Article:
A Tribute to the Swedish American Line
Dear Irma, when you receive this card mother and I will be home.
We have had rather stormy weather. The boat is terribly crowded.
Mother and I both send our love to you and Hans.
The Stockholm was purchased by SAL in 1915, from the Holland America Line,
when the North Atlantic traffic was inaugurated.
She carried 111,664 passengers across the Atlantic. In 1929 she was sold to Norway,
renamed Solglimt, and converted into a whaling vessel.
There were 2 ships named Stockholm that sailed for SAL.
Read about the Stockholm of 1948
And 2 ships named Stockholm that never sailed for SAL.
Read about the Stockholm of 1938 and 1940
Stockholm of 1915
|Blohm & Voss, Hamburg, Germany
|No of passengers:
|Delivered to SAL:
|Solglimt, 1941 Sonderburg
|Scrapped in 1947
The 3rd class, traditionally on the open deck, was on the Stockholm transformed into a complete system of of cabins, thereby setting a trend toward improved travel conditions for low-fare passengers of which the Swedish American Line has been a pace-setter ever since. The Stockholm sailed on its maiden voyage from Gothenburg on December 11, 1915, under Captain Axel E. Håkansson. It was a trying experience for the 137 passengers.
Off the coast of Scotland, English naval units intercepted the liner, and forced the Stockholm to dock in Kirkwall to be searched for contraband. The mail to the U.S. was embargoed by the British authorities, which immediately resulted in the Swedish Government's refusal to let British parcel post to Russia pass through Sweden. The British, however, had good reason for their behavior. Rumors had been publicized that the Stockholm carried German bullion to be disposed of in America.
The Stockholm continued on her voyage, and after being almost at a standstill for four days in a snowstorm off Sandy Hook, she arrived in New York on December 27th 1915. Thus ended the first voyage regularly linking the two countries.
Stockholm passing the Elfsborg Fortress outside Gothenburg.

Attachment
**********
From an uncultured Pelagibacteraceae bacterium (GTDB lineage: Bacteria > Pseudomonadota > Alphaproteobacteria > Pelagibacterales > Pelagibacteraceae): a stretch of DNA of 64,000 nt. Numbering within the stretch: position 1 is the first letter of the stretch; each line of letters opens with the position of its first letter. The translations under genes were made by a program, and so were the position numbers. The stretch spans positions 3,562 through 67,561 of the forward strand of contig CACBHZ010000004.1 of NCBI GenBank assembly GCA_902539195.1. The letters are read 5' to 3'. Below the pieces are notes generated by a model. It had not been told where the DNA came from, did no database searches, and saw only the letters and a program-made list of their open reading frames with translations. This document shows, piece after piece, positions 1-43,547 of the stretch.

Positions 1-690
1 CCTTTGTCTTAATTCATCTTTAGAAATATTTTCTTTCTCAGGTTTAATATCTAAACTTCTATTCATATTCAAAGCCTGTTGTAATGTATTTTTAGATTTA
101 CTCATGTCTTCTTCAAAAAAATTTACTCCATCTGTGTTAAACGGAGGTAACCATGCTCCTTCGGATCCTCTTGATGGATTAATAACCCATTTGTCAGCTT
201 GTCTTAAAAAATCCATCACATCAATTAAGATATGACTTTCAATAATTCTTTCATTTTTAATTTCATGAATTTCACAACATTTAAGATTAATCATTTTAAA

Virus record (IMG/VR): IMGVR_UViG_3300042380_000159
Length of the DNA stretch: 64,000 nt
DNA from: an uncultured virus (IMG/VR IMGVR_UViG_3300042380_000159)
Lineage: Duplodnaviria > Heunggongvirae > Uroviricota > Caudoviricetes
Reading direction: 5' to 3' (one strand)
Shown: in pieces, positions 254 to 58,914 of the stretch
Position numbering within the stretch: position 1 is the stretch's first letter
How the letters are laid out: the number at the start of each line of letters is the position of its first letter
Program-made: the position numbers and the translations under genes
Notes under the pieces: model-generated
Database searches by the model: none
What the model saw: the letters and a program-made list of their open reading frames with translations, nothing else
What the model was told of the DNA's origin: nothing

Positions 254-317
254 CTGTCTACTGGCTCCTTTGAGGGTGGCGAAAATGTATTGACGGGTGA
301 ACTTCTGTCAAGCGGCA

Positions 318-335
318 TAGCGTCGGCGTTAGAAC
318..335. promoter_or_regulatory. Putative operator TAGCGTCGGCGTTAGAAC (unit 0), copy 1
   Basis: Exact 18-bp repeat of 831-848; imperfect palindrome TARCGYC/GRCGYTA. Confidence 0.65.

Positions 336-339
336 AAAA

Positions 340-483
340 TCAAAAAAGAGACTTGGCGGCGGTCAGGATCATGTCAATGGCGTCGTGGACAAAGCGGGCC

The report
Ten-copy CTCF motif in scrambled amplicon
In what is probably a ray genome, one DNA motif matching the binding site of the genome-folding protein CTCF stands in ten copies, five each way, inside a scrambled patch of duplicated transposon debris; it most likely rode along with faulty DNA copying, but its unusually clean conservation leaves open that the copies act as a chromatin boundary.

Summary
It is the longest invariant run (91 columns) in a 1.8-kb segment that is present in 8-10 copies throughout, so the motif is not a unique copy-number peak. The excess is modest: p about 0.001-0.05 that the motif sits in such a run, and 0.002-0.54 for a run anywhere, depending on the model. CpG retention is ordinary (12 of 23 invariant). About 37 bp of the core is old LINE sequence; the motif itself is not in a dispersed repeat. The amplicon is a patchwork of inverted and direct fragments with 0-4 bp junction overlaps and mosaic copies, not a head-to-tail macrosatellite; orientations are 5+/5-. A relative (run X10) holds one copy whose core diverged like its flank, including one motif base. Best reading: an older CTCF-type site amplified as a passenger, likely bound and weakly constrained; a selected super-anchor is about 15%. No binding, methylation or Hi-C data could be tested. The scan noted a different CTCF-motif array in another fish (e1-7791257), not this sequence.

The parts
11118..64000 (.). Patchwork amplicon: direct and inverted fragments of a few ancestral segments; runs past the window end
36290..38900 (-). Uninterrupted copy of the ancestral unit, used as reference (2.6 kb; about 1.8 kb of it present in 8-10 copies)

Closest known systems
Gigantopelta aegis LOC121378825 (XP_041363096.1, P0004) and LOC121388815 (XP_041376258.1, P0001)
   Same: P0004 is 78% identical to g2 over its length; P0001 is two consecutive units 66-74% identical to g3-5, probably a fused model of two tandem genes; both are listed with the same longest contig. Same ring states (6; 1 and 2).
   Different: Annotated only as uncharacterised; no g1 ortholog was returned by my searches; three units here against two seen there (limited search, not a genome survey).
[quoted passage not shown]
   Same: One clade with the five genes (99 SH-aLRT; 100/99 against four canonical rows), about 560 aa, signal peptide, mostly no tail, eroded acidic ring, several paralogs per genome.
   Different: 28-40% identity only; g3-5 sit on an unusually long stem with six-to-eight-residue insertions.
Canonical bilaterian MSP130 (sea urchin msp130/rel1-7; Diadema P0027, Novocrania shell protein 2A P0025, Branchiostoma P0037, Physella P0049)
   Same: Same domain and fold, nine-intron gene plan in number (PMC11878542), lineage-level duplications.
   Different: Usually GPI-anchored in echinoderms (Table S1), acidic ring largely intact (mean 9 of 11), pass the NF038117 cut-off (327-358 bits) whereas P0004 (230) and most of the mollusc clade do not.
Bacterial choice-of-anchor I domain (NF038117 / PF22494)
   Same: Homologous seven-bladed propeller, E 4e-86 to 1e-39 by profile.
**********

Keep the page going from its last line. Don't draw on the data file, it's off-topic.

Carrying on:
Read a SAL advertisement from 1923.
Read more about the Stockholm at:
Immigrant Ships, a Reference Site for Genealogists
The postcard shown above was sent by a young Swedish woman, Frida Johanna H to her mother, one day before boarding the Stockholm, bound for New York in November 1916. Two years earlier, unwed, Johanna had given birth to a son, Hilding. In those days, there was a very strong religious awakening in Sweden, especially in the northern provinces. In desperation, believing that she was sinful and unwanted in Sweden, she left her son with his grandmother, convinced it was the best solution for him. Johanna married an Englishman in the U.S., and had another child, a daughter. She never contacted her family in Sweden again, thinking it was best so. In 1972 she received a parcel of belongings from Sweden. Her son Hilding had died. In that parcel, along with a photo of herself as a child, she found this postcard. Her mother, and her son, had kept and cherished this card throughout their lives.
This postcard, and the moving story of a young Swedish emigrant, has been contributed by Johannas granddaughter, Barbro Elin Jonson, living in Rhode Island, USA.
Contributed by L-O Rydén
SAL map and Stockholm postcard
Contributed by Michael J Larson
Read a SAL advertisement from 1923.
Read more about the Stockholm at: Immigrant Ships, a Reference Site for Genealogists
On the Bridge
and Anna-Greta Lindblad
Ship's Doctor and Nurse
Gripsholm and Kungsholm
Third Officer Inter
|Leif Vickberg Officer's Apprentice
& SAL Timeline
Life as a Crew Member
|Torsten Torstensson's webpage about the Swedish American Line
Sea Personnel Manager
|Sune EdensvĂ€rd Chief Radio Officer
|Bridge & Crew Page
| Curt Dawe
| Carl-Gustav Kruse
|Poul V Lange
| Jörgen Areskough
| Ingvar Torstensson
|T Odenlund Cashier
|The SAL Office in New York
|The SAL Office in
| David Chisling
| Hanna Owen
| Anita Poli Olsson
| Anthony Bloomfield
|Dining Room Menues
|Ingwar Gemzell & Rolf Mayer
|Gustav Weber Petterson
|Hans "Hasse" Gustafsson
Hyttnisse, Assistant Deck Steward
|The Women of SAL
| SAL Trivia
|The Passenger Area
Family, Gripsholm and Kungsholm
|The Lindholm Family,
|The McDonough Family,
Family, Gripsholm and
|The Sandholm Family,
|The Storck-Petersen Family,
Passenger in the Post-SAL Era
More than 250 web pages developed and maintained by Lars Hemingstam ©1998-2023
Hasse Gustafsson and Tommy Stark have interviewed crew members and contributed many of the stories.
Denna webbsajt andvĂ€nder inte cookies, vi sparar inte heller besĂ¶karnas IP-adresser. Vi skickar ingen information till tredje part. Om du finner information eller ett foto om dig, eller en slĂ€kting, och vill ta bort det, skriv till firstname.lastname@example.org sĂ„ tar vi bort informationen eller fotografiet. (EU-regeln GDPR omfattar inte avlidna personer.)
The New SAL Guestbook